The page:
Pharmacotherapeutic Group: Corticosteroids, dermatological preparations; corticosteroids, weak (group I); ATC Code: D07AA02

 

 

Hydrocortisone is a corticosteroid which has anti-inflammatory activity.

 

5.3  Pharmacokinetic Properties

 

Hydrocortisone acetate is a well characterised corticosteroid which has anti-inflammatory activity resulting at least in part, from binding with a steroid receptor.

 

Hydrocortisone acetate reduces inflammation by stabilising cell membranes, preventing the release of destructive enzymes, antagonising histamine and the release of kinins, inhibiting accumulation of macrophages and reducing capillary wall permeability and oedema formation.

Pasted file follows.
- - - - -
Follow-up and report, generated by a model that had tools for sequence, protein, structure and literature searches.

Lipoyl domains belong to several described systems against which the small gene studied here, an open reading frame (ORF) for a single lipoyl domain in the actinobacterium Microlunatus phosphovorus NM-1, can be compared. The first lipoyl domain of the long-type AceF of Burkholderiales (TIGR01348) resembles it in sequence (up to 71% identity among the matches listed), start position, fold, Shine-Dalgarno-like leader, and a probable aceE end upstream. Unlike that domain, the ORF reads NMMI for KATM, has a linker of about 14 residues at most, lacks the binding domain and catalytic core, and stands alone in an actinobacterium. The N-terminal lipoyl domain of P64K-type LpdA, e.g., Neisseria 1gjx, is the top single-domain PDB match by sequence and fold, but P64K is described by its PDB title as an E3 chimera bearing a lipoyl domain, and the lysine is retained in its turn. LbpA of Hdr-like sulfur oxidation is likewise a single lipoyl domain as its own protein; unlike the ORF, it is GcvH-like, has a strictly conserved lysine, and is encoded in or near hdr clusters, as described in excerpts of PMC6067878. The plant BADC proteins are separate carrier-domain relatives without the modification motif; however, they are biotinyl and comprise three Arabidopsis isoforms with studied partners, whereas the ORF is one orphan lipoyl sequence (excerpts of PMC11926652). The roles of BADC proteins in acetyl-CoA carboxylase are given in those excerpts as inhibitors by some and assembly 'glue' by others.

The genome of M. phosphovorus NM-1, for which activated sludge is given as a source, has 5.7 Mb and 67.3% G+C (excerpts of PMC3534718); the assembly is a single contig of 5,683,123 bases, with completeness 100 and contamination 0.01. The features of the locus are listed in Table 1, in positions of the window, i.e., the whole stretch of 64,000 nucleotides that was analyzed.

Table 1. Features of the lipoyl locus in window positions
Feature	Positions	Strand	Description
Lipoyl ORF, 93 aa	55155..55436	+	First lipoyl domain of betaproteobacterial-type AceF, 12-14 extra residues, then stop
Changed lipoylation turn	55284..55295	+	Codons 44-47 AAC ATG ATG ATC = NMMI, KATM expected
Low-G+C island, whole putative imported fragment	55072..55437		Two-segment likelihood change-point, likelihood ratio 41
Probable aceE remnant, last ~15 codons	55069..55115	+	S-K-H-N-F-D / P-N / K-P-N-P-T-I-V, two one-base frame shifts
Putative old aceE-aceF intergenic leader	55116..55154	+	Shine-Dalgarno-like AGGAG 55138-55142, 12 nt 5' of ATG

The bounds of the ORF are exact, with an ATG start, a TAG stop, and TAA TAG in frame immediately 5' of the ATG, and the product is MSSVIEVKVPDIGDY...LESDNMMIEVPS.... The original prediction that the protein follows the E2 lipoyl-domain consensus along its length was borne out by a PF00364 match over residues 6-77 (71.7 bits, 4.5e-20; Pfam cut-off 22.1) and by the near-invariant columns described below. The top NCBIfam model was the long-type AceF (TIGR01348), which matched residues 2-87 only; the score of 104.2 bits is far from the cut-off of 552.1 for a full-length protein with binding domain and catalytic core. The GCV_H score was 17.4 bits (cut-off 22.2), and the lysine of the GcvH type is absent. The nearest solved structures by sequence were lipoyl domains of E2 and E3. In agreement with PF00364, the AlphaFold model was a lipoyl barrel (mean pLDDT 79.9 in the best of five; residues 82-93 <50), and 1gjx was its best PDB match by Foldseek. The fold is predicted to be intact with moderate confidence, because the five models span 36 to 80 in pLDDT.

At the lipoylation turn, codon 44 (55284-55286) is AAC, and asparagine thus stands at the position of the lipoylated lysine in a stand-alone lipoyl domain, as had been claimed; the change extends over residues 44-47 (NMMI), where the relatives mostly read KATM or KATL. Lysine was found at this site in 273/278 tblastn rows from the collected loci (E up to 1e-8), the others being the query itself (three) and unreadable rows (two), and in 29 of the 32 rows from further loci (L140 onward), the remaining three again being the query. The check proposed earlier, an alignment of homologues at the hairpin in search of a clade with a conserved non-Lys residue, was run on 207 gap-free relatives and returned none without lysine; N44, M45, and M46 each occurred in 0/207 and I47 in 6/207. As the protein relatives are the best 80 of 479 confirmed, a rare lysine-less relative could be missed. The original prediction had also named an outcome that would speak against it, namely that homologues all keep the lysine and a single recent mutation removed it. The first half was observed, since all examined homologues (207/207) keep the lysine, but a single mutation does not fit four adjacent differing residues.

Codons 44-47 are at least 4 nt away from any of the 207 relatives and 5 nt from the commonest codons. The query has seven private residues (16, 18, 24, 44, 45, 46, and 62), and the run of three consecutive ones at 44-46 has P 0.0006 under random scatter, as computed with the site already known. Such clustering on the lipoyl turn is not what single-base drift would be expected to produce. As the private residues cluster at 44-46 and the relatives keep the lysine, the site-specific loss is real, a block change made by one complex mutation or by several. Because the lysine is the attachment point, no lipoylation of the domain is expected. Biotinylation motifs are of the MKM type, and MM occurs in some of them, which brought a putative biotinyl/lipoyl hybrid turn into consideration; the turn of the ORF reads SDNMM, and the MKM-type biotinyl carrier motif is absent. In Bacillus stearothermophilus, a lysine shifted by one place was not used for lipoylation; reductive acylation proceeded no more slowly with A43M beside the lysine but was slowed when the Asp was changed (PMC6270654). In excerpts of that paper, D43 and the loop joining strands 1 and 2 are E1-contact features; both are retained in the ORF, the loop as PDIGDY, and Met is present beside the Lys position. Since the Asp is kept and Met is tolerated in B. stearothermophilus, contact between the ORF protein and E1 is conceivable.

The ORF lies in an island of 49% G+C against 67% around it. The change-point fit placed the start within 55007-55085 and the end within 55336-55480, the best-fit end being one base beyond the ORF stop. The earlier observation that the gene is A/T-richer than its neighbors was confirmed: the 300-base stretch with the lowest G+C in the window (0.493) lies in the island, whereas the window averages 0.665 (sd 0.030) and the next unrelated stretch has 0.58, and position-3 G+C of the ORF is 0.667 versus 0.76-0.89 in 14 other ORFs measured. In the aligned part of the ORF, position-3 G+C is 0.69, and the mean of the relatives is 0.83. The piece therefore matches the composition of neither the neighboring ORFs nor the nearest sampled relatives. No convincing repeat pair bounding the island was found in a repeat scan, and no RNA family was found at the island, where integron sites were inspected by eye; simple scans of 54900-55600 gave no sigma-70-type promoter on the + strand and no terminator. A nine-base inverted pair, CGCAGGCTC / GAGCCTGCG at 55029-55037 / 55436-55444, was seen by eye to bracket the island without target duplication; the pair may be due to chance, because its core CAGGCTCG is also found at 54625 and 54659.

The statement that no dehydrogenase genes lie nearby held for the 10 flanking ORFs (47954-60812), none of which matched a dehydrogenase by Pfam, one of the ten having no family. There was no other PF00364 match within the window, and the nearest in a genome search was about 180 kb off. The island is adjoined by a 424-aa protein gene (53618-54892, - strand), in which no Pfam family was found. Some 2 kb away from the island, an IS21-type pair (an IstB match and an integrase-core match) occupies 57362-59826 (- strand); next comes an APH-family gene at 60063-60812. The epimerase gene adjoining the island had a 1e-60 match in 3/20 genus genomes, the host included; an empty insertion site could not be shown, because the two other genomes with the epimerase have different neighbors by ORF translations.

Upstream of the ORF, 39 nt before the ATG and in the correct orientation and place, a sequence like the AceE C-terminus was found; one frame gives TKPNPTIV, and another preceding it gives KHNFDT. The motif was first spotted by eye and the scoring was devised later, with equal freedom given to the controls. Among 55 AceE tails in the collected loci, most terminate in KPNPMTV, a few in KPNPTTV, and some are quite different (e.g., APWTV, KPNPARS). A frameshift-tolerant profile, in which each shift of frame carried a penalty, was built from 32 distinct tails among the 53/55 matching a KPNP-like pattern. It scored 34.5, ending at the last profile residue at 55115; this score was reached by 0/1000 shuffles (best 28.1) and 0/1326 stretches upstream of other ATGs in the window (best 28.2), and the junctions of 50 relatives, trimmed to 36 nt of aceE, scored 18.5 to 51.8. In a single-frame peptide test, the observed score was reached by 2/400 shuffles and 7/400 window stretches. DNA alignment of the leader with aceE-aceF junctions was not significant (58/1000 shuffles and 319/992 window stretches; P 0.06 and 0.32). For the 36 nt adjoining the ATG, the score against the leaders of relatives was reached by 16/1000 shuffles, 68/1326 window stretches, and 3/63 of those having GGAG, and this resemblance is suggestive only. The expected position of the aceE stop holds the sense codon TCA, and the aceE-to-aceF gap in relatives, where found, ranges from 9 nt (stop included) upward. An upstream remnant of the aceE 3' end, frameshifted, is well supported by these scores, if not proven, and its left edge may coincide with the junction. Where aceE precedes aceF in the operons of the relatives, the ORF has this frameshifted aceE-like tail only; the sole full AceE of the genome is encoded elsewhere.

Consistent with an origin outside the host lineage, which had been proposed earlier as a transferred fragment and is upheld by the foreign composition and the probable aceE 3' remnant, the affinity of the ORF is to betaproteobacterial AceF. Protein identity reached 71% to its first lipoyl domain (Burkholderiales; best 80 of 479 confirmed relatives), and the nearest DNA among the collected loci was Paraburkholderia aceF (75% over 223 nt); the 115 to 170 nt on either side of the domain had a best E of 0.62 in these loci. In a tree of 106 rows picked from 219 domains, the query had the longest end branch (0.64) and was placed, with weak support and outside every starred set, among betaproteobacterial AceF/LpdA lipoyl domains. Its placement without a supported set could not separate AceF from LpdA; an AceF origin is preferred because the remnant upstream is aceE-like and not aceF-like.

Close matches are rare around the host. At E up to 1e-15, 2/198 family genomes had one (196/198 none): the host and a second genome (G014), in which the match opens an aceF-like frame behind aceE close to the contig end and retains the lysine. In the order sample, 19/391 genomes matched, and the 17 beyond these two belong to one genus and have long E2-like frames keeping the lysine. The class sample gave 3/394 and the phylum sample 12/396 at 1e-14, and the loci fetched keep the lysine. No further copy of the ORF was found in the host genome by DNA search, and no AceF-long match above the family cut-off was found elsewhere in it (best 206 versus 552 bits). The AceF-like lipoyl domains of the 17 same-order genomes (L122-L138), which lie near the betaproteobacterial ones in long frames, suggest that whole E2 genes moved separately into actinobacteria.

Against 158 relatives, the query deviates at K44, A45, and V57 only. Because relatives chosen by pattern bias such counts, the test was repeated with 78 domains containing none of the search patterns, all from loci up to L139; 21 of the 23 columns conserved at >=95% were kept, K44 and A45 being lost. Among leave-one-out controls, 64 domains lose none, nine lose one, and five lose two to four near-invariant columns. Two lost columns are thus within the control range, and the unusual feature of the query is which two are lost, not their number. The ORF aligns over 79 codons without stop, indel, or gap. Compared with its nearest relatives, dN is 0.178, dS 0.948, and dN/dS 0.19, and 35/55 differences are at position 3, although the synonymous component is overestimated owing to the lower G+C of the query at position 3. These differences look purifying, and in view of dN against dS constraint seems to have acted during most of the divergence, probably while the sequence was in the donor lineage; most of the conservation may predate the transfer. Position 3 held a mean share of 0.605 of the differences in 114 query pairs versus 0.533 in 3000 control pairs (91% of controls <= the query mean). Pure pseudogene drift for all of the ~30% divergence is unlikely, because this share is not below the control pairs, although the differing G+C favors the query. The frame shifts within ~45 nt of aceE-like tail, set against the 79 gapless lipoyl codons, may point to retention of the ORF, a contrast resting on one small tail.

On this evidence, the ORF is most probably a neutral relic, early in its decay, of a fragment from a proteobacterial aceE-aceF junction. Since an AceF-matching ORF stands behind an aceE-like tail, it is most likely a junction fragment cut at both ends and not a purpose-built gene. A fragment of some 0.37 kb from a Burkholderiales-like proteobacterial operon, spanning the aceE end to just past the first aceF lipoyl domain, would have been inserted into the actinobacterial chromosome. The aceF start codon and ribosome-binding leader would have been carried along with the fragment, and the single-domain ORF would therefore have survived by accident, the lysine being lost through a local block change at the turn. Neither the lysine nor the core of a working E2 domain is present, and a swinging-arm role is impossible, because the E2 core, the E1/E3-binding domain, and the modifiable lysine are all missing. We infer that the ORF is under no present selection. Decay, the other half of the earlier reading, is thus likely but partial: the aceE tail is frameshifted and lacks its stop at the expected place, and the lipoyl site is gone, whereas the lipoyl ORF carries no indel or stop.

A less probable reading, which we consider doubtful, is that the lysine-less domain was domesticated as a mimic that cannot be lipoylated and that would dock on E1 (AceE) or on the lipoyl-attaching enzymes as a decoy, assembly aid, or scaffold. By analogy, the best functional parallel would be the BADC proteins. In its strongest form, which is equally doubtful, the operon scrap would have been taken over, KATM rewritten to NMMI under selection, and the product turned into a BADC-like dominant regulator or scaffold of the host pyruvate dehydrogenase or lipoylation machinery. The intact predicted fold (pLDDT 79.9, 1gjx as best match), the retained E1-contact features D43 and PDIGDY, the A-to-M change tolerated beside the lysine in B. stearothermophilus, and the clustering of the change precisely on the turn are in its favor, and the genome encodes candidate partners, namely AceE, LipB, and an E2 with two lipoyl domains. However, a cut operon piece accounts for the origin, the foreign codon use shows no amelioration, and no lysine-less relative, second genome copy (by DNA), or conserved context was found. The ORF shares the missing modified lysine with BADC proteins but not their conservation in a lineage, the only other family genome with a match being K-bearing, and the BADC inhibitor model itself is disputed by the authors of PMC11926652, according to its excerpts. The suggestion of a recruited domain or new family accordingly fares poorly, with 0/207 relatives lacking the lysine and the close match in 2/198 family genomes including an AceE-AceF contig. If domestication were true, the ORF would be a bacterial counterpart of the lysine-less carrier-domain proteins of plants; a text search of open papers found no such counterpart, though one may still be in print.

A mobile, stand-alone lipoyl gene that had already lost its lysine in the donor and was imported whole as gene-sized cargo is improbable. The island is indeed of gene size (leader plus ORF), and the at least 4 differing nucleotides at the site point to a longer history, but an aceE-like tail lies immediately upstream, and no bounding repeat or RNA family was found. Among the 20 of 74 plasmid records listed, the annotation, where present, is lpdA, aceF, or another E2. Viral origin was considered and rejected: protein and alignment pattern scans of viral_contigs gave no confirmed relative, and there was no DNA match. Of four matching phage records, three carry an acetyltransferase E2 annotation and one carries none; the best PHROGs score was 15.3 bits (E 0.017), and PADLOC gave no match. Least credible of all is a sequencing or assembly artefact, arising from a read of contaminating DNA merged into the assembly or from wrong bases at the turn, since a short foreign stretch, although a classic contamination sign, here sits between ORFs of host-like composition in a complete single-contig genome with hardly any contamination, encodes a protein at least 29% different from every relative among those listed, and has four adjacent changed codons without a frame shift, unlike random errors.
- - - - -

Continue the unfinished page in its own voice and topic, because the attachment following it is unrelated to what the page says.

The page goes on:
5.4  Preclinical Safety Data

 

Whilst there is inadequate evidence on safety in human pregnancy, animal studies have demonstrated a possible association between topical corticosteroids and foetal abnormalities, including cleft palate and intra-uterine growth retardation.

 

Following topical application to most areas of normal skin, only minimal amounts of the drug reach the dermis and subsequently the systemic circulation. Absorption may be markedly increased when the skin has lost its keratin layers and can be increased by inflammation or diseases of the epidermal barrier.

 

Hydrocortisone is absorbed to a greater degree from scrotum, axilla, eyelid, face and scalp than from the forearm, knee, palm and sole.

 

10        DATE OF (PARTIAL) REVISION OF THE TEXT

 

 July 2015

Updated on 5 July 2011 PIL

Reasons for updating

  • Change to section 4.4 - Special warnings and precautions for use

Free text change information supplied by the pharmaceutical company